Architects urge authorities to halt illegal construction in Diyarbakır
The Turkish Chamber of Architects in the southeastern province of Diyarbakır on Thursday called on courts to tak action against 181 buildings in the historic quarter of Sur that had received construction permits, local news site Güneydoğu Express reported.
The ancient district of Sur, which is encircled by fortress walls and flanked by gardens just beyond them, is a UNESCO World Heritage Site.
Sur was the city’s economic and cultural centre until the district was battered between late 2015 and early 2016, when fighting broke out between Turkish security forces and the Kurdistan Workers’ Party (PKK).
The fighting forced Sur’s largely Kurdish residents to flee the district and resulted in large-scale destruction of property. Much of the area has since been demolished for redevelopment to include wider streets and new police stations.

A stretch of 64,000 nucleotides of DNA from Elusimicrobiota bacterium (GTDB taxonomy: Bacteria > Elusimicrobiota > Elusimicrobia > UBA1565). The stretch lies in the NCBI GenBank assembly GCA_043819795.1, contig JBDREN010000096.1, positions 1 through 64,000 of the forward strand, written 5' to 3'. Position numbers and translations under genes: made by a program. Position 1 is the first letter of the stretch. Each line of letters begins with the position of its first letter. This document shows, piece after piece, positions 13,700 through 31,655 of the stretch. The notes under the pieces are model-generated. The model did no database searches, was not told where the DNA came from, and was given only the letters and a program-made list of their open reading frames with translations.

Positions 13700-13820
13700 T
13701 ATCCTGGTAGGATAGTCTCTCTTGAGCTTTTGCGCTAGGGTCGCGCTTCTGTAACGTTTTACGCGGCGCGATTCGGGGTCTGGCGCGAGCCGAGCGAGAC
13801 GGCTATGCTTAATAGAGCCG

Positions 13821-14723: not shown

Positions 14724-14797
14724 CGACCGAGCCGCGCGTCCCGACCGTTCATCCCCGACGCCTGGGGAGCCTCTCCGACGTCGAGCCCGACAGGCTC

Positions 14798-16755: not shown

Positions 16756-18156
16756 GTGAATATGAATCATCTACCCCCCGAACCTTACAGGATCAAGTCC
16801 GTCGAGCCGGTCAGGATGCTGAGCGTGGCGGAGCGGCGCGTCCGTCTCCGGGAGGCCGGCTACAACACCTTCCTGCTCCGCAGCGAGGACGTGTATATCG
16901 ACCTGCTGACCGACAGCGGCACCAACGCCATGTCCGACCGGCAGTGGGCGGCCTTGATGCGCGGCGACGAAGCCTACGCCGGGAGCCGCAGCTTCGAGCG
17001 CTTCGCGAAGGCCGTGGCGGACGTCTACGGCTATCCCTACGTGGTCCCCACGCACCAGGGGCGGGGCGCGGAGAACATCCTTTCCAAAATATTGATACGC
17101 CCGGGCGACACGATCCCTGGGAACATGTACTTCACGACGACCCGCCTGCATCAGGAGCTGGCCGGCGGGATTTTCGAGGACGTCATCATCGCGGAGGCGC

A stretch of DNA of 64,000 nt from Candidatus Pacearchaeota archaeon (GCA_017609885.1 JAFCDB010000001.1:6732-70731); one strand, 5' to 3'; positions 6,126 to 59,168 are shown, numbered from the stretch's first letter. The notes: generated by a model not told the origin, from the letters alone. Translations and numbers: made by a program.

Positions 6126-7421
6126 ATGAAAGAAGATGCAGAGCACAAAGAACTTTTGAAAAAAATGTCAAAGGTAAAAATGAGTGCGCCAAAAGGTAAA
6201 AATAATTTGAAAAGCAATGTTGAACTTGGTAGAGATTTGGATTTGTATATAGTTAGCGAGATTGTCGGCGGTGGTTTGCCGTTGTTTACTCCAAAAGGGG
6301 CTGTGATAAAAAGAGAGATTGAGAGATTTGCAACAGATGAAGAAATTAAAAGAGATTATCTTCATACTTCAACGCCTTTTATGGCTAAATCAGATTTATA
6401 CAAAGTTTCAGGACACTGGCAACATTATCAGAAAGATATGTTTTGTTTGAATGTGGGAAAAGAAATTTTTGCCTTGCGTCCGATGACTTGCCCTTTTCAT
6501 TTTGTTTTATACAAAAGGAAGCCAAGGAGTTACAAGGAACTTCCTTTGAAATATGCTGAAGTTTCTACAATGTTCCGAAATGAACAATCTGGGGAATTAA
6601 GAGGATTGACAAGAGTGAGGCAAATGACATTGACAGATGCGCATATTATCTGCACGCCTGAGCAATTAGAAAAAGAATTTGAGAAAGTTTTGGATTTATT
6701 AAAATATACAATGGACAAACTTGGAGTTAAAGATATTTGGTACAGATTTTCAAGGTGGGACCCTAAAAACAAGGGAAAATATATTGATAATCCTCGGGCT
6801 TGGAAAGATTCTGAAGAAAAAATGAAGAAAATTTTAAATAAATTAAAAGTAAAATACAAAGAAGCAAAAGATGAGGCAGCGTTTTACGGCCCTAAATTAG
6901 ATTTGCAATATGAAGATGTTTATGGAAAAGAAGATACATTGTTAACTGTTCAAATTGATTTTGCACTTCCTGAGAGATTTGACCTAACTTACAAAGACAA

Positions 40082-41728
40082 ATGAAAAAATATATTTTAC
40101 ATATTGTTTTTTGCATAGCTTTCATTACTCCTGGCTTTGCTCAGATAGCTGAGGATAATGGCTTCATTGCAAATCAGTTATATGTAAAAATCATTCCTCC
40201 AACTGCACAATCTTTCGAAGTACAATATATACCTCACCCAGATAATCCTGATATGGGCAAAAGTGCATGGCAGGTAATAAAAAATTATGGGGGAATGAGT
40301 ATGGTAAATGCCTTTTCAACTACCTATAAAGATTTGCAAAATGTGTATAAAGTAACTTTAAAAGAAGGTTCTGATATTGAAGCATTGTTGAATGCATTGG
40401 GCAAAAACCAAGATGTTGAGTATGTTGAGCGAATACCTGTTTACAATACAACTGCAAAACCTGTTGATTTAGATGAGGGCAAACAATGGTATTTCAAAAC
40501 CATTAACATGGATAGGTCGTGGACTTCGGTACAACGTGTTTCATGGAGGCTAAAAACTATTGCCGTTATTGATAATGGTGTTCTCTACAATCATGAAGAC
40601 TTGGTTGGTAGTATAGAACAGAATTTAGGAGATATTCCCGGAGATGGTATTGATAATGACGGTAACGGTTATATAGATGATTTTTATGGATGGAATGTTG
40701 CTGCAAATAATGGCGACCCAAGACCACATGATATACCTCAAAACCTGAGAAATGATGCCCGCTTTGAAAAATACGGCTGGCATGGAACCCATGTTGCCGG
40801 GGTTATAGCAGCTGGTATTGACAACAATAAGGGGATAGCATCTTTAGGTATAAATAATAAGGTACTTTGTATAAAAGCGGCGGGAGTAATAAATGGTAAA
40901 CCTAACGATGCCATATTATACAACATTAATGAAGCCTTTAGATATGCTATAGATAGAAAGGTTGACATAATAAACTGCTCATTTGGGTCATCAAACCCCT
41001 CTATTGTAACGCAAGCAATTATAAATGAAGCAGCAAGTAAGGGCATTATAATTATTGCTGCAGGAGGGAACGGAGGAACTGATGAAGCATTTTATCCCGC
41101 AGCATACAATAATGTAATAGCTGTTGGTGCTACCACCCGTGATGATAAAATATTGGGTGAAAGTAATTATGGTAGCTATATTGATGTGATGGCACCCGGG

Şerefhan Aydın, the president of Diyarbakır’s Chamber of Architects, said in a press briefing that the organisation had identified around 100 buildings certified as meeting official standards, as well as 250 that were eligible for certification, which had been demolished by Turkish authorities.
“During our inspections as the Chamber of Architects, we identified irregularities in the procedure for granting construction permits for 181 faux-basalt buildings in Fatih Paşa, Hasırlı and Dabanoğlu neighbourhoods,” Aydın said.
The architect said the projects’ architects had been unqualified, and that by approving the plans the authorities had failed to fulfil their responsibilities.
The chamber has started legal procedures over the buildings, Aydın said, adding that the lengthy legal process and arbitrary attitudes had made the task difficult.
The architect said the basalt stone was a defining characteristic of Sur and removing the requirement to use basalt stone in buildings would mean damaging the historic and architectural texture of the district.